Our sense of the movement of any object can only occur in relation to another object. An object, say an asteroid, may be tumbling through space, but we can only say that it is moving at all by being able to see it in relation to our own movement, or the placement of another object in space, which is not moving in exactly the same trajectory. This is a riddle. 

In the mind, we can conceive of the notion of a still point without our actually being able to say with certainty that such a thing exists. To say that to think of a thing is to suggest its existence is the very essence of metaphysical thought. If I posit the stillness of the second-hand on the clock, the possibility that it is not moving may seem logically consistent with what I know about the simplest principles of the physics of phenomena. But I'm not so naive as to think it is actually true. I think that Eliot probably would agree here, that his use of the "still point of the turning world" was nothing more than a small device to demonstrate his sense of the mystery of the interaction between time and consciousness.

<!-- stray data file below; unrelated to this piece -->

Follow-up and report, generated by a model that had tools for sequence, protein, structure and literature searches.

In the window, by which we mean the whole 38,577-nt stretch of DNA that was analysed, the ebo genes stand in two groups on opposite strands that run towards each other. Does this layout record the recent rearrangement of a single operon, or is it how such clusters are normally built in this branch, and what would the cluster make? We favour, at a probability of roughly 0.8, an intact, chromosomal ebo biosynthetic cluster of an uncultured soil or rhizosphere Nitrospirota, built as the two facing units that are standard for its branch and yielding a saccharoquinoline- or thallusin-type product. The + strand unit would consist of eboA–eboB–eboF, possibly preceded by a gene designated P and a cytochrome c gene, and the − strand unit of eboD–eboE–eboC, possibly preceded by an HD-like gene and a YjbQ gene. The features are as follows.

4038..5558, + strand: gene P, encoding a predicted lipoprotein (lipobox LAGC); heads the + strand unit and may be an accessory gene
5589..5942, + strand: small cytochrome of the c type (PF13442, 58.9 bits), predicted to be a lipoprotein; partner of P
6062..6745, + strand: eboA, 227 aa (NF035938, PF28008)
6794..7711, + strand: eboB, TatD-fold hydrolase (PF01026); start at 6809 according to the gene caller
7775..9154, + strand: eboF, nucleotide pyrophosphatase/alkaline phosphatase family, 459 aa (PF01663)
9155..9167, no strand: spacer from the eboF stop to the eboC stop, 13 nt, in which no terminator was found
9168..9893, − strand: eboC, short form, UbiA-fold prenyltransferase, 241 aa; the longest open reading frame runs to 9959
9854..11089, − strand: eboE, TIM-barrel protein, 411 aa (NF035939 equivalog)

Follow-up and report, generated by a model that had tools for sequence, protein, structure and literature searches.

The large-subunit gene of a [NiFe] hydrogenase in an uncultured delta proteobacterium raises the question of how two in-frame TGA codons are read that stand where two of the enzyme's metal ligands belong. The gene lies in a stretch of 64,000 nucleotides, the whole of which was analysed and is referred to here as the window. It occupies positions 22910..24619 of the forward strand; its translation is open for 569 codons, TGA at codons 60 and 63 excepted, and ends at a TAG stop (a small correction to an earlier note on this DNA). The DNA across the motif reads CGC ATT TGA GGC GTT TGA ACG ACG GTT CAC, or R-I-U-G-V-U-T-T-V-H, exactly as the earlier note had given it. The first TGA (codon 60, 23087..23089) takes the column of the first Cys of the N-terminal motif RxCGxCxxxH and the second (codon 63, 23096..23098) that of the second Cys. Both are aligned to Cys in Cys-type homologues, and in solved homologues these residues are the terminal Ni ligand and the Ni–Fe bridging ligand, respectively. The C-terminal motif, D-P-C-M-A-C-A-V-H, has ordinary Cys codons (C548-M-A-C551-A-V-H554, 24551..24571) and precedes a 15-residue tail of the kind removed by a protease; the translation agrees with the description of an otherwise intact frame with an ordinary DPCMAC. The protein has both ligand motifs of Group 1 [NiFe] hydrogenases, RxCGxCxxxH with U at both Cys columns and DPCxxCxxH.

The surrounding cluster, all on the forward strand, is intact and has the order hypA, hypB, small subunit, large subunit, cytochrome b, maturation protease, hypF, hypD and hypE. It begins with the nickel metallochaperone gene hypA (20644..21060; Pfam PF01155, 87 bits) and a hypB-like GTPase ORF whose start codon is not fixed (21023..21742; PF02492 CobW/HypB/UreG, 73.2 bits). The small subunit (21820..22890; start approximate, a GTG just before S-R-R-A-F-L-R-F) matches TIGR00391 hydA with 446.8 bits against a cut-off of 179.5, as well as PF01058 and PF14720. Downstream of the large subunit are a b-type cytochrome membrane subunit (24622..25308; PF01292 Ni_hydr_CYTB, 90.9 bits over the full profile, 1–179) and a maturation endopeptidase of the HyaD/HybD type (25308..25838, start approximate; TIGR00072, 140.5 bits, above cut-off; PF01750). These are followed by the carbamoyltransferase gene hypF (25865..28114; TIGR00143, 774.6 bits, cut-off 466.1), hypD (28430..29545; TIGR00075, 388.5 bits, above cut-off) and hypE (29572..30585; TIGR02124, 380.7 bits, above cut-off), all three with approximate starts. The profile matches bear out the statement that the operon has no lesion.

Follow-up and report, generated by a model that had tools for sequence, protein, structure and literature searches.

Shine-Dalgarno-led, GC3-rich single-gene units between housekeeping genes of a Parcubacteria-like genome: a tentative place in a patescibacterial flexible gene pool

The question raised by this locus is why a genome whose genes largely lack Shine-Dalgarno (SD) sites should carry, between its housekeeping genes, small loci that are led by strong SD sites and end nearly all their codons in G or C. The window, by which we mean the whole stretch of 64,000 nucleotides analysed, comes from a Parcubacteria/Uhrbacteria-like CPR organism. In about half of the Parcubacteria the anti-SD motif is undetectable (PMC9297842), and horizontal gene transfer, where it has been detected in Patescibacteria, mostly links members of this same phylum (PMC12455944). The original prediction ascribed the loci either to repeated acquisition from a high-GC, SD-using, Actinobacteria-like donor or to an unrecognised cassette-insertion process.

There is no consciousness of time outside of time, so we lack the perspective and objectivity to describe it accurately. Accuracy implies an established increment, and all increments are by their nature relational, that is, scaled to the correspondence of segments, or duration. Without such increments, all duration is fluid. Ultimately, we can't measure time without reference to our experience of the universe, and the vaster that seems, the more limited our own experience of it seems.